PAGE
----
An operationalised guideline for responsible AI

Embedding responsible AI capability in Australia’s scientific discovery and technology development processes

Project Duration:  September 2021 to June 2023

Hands of robot and human touching on big data network connection, Science and artificial intelligence technology, innovation and futuristic, AI, Machine learning.

Credit: iStock/ipopba

Operationalising Ethical AI principles into practice

The Challenge

Artificial intelligence (AI) is helping to solve real-world challenges and transforming industries around the world – delivering better products and services, and making them faster, cheaper and safer.

The exponential growth of the Internet of Things (IoT) over the last decade has normalised the interconnectedness of platforms and devices like appliances and monitoring devices. Humans are also growing increasingly connected to their devices, giving rise to industries such as precision health.

Serious concerns remain, however, around the ability of AI to behave and make decisions in a responsible way. In recent years, many ethical regulations, principles and guidelines for responsible AI have been issued by governments, research organisations and enterprises. This has largely been in the form of high-level advice, rather than concrete guidance on how to implement AI responsibly. For example, one of the principles of the Australian AI Ethics Framework states that AI systems should respect “human-centred values”.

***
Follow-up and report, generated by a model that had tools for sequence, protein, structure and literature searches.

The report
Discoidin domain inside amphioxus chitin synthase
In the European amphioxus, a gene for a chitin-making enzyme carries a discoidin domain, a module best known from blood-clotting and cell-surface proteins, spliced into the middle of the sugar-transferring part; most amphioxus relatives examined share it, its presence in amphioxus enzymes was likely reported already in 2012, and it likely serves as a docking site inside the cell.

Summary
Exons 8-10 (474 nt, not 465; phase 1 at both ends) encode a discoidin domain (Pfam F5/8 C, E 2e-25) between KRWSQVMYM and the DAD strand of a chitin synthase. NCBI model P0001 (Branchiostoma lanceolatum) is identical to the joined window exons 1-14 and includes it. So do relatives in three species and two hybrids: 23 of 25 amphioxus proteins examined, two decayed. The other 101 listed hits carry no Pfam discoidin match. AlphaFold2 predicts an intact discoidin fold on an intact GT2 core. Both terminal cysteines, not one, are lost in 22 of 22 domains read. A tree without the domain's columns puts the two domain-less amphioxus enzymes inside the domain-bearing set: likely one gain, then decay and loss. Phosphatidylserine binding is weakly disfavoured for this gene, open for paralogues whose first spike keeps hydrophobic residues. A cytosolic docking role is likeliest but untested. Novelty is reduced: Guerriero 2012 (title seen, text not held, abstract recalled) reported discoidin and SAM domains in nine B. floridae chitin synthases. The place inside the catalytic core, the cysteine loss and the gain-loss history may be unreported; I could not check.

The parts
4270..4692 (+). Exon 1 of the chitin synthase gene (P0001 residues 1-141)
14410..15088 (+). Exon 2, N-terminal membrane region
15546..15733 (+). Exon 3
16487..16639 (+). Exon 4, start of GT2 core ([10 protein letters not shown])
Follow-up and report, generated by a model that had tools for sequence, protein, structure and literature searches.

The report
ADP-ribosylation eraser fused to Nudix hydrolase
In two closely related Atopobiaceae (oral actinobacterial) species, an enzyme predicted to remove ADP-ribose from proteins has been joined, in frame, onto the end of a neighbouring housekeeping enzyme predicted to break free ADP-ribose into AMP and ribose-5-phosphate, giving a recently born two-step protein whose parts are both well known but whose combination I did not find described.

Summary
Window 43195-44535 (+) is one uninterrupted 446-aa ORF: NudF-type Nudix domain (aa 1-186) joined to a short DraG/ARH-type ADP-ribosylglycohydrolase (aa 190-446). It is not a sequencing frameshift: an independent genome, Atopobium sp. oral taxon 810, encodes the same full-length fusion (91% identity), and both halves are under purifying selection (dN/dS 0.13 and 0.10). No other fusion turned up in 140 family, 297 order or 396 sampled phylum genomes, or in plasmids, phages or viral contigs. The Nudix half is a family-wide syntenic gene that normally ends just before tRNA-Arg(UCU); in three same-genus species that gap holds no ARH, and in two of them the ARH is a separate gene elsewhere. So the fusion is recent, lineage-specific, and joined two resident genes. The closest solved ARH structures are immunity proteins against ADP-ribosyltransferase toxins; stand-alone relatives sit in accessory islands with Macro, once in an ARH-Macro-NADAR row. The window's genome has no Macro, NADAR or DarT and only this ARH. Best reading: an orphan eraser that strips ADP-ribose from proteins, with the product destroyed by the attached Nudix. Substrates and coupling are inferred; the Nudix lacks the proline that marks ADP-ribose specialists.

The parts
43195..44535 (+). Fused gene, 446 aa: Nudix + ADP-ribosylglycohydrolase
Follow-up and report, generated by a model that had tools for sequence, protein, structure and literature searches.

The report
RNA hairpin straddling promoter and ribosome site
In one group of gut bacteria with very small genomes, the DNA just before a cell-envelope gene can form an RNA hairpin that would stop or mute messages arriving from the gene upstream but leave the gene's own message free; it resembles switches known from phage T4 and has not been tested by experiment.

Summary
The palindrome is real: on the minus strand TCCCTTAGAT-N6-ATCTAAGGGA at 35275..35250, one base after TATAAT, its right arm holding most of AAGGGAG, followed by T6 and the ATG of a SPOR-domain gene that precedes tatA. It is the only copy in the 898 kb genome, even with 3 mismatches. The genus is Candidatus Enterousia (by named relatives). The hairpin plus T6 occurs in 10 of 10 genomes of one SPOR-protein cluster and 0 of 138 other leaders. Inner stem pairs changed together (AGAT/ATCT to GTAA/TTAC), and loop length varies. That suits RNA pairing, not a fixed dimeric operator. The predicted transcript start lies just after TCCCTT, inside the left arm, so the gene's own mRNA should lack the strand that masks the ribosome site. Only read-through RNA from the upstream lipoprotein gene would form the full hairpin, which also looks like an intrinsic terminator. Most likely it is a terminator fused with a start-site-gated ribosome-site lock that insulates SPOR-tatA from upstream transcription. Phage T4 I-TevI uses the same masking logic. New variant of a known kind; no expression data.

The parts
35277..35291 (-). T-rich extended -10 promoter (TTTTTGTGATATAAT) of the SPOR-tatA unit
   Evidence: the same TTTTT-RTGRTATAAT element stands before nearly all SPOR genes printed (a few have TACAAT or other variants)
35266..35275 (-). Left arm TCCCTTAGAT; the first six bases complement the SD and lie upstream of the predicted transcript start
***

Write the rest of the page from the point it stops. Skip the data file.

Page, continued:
Making this advice usable for the developers of such systems is a separate and challenging task. For instance, how can these values be designed for, implemented and tracked in an AI system? Can the extent to which an AI system adheres to an ethical AI principle be measured?

Our Response

CSIRO’s Responsible Innovation (RI) Future Science Platform and Data61 Business Unit are collaborating to develop concrete and operationalised software engineering guidelines for developers and technologists to develop AI systems responsibly.

By co-designing integrated guidelines with RI scientists, designers and data analysts, CSIRO is seeking to ensure that the AI systems it creates are not only trustworthy but are trusted by those who use and rely on them across the entire AI systems lifecycle.

Project Impact

This research, which we consider to be a first of its kind, seeks to fill a gap in responsible AI regulation by providing developers and technologists with operationalised concrete reusable design and development guidelines for achieving responsible AI.  Applying these guidelines may increase the quality of AI systems’ outcomes. At the same time, we could expect there to be a reduction in the risk of ethical failures in AI systems, for example, data privacy breaches.

The multidisciplinary project team draws on expertise in software engineering, machine learning, social science, human-machine interaction, and user experience. This multidisciplinary approach is essential for not only advancing CSIRO’s future science and technology research in AI across its many applications but also ensuring the delivery of clear social benefits across those multiple domains. It will also help to establish CSIRO capability for embedding responsible AI into broader scientific discovery and technology development processes.

The guidelines will be made available to academic researchers and industrial practitioners for use in achieving responsible AI. Doing so will help make responsible AI a competitive advantage of Australian industry while ensuring Australia’s development of AI, in its many guises, is safe, secure and reliable.


Qinghua Lu (Project Lead), Conrad Sanderson, Andreas Duenser, David Douglas and Georgina Ibarra

Advisory Group: Jon Whittle, Justine Lacey, Stefan Hajkowicz, Glenn Newnham, Cathy Robinson


L. Zhu, X. Xu, Q. Lu, G. Governatori, and J. Whittle, “AI and Ethics -Operationalising Responsible AI,” Humanity Driven AI: Productivity, Wellbeing, Sustainability and Partnership, 2021.